Thank you to IAM District 751 for sharing this information from the Aero Mechanic .
You don’t have to be a doctor to save someone’s life; often times you just have to take action. In fact, quick responses by 751 members saved a fellow union member’s life earlier this year. The incident occurred outside the Renton factory following second shift. 751 member Oudom Khanphongphane left work as he did any other night. On the way to his car, Oudom suffered a heart attack, fell to the concrete, hit his head and lost consciousness.
Thankfully, 751 members, who were also leaving work around that time, found him on the pavement and jumped into action. 751 member Dustin Roads recognized that time was of the essence and immediately began administering CPR, which he continued until the first responders arrived. 751 member “Lilliy” Chhoeup Thorng, called 911 and Boeing security and stayed on the scene until Oudom was transported to the hospital.
If Dustin and Lilliy had not stopped to help, Oudom might not have survived, and his ability to recover as quickly as he did is solely because of the courageous efforts two members took to help a stranger.
Oudom spent three days in a coma before regaining consciousness and remained in the hospital ICU six additional days. Once discharged, he remained home for several months doing speech, occupational and cardiac therapy. Oudom returned to work initially just part time while he continued rehabilitation on his road to a full recovery.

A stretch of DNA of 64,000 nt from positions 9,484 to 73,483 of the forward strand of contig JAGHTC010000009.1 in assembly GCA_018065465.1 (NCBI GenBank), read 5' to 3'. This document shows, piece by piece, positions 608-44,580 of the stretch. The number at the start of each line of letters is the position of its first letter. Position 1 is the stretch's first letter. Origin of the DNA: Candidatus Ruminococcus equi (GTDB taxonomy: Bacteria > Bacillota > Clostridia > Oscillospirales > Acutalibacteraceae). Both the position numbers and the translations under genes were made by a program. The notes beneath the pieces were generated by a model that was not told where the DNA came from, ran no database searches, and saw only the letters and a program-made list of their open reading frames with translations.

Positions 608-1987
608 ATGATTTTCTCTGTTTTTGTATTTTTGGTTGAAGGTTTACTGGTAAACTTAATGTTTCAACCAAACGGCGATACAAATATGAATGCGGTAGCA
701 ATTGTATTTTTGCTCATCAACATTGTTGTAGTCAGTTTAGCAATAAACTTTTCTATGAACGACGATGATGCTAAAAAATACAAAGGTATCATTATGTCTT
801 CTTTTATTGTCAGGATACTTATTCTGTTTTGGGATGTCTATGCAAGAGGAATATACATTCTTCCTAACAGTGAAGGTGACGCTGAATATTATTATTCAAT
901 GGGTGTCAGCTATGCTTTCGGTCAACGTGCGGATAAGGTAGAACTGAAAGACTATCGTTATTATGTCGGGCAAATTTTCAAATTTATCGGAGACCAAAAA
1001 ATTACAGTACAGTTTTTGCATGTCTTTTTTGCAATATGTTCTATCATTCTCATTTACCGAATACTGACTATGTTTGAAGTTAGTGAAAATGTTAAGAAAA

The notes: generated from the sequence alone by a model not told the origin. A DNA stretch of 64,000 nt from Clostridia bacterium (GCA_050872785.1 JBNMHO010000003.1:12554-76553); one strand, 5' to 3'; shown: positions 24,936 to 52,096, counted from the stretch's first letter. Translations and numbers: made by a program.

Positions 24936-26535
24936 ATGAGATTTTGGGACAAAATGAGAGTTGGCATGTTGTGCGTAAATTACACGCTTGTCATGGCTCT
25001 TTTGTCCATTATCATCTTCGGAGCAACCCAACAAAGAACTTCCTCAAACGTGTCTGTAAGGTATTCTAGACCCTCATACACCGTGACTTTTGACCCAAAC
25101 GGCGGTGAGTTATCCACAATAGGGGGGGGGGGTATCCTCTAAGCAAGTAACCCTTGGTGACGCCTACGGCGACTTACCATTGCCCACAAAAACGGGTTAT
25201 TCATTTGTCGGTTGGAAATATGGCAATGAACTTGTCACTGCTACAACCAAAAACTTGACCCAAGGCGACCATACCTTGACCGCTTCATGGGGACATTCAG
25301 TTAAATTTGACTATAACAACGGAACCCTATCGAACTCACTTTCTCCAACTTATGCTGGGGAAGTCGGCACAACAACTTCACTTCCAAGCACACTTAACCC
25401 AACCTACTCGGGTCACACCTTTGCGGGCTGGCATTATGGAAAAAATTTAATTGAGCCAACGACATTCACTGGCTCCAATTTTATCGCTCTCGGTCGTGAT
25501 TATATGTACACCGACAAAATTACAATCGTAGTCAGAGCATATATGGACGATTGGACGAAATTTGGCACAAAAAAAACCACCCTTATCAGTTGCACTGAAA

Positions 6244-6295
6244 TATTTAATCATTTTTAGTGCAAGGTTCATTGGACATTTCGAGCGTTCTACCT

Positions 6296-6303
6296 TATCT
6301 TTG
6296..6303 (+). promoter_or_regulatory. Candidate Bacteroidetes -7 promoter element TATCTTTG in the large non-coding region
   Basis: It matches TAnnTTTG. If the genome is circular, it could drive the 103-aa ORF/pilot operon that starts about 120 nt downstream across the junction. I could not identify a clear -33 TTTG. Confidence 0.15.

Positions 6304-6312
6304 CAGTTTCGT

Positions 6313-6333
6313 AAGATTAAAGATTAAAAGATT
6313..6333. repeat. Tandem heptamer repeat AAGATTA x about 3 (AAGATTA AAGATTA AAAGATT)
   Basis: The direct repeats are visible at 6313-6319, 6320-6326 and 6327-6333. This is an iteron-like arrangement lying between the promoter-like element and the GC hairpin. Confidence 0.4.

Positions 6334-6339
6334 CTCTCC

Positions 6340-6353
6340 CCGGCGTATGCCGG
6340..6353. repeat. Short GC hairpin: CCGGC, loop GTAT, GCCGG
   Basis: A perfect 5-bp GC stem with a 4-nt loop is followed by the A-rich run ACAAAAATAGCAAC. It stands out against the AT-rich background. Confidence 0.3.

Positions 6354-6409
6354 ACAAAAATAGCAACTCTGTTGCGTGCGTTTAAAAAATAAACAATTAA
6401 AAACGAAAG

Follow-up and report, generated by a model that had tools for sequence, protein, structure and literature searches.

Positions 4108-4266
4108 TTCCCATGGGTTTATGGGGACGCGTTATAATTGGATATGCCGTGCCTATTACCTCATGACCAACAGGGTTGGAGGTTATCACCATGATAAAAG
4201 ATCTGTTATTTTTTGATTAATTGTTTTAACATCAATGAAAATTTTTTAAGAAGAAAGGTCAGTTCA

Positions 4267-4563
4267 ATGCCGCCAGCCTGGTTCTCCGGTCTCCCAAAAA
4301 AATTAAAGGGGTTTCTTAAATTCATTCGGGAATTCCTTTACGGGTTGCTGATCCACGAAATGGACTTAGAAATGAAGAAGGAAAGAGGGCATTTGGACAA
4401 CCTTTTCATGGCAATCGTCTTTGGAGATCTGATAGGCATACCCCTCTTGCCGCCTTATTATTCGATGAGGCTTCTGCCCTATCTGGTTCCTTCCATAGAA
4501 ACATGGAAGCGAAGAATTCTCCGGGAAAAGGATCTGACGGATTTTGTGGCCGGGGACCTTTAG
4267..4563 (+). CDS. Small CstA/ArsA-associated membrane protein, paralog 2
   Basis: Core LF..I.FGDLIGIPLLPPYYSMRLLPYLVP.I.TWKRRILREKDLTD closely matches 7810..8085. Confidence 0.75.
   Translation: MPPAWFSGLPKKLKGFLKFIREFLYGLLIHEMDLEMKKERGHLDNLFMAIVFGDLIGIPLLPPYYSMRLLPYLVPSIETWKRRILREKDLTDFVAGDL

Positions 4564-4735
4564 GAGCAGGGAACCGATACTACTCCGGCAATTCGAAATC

When he returned to the Renton factory, one of his first priorities was tracking down Dustin and Lilliy to give his personal thanks.
“I am so grateful Dustin and Lilliy found me within minutes of my heart attack and jumped into action without hesitation. Their quick thinking saved my life and ensured there wasn’t more damage,” said Oudom. “I was very lucky, Dustin was there and performed CPR. He was at the right place at the right time. I think about that a lot and what might have happened if I had been driving my car at the time.”
Dustin credits CPR training from his last job at an ambulance company and noted, “This was the first time I have actually performed CPR on someone in a life and death situation. Thankfully, I did well under pressure. I knew once I started CPR, I couldn’t stop and had to keep it going until the first responders took over. In the heat of the moment, you just have to trust you will do it correctly because there is no other choice. I’m glad I was able to help.”
“I am proud of our members, Dustin and Lilliy, for stopping and having the courage to help someone in distress,” said IAM District 751 President and Directing Business Representative Jon Holden. “They didn’t know what had transpired before they arrived but because of their quick action a fellow member survived and is now back to work and able to live a full life.”
“I commend Brother Dustin and Sister Lilliy for exhibiting such courage and calm under extreme duress while saving Brother Oudom’s life,” said IAM Western Territory General Vice President Gary R. Allen. “This is an amazing story and another example of how Machinists are always there to help one another. Brother Oudom’s recovery has been a long and arduous one, but through his unparalleled perseverance, he has returned to work and inspired us all.”
Our Union is submitting Dustin and Lilliy for Red Cross Hero Awards for their quick action that saved Oudom’s life or at a minimum ensured he did not have permanent damage.
According to the Red Cross, more than 350,000 people suffer from cardiac arrest every year and only 10% survive. Dustin’s training in CPR and willingness to jump in to help someone in need allowed him to save the life of a stranger who turned out to be a union brother. Hopefully other members will take first aid classes to be prepared should they find themselves in a similar situation.
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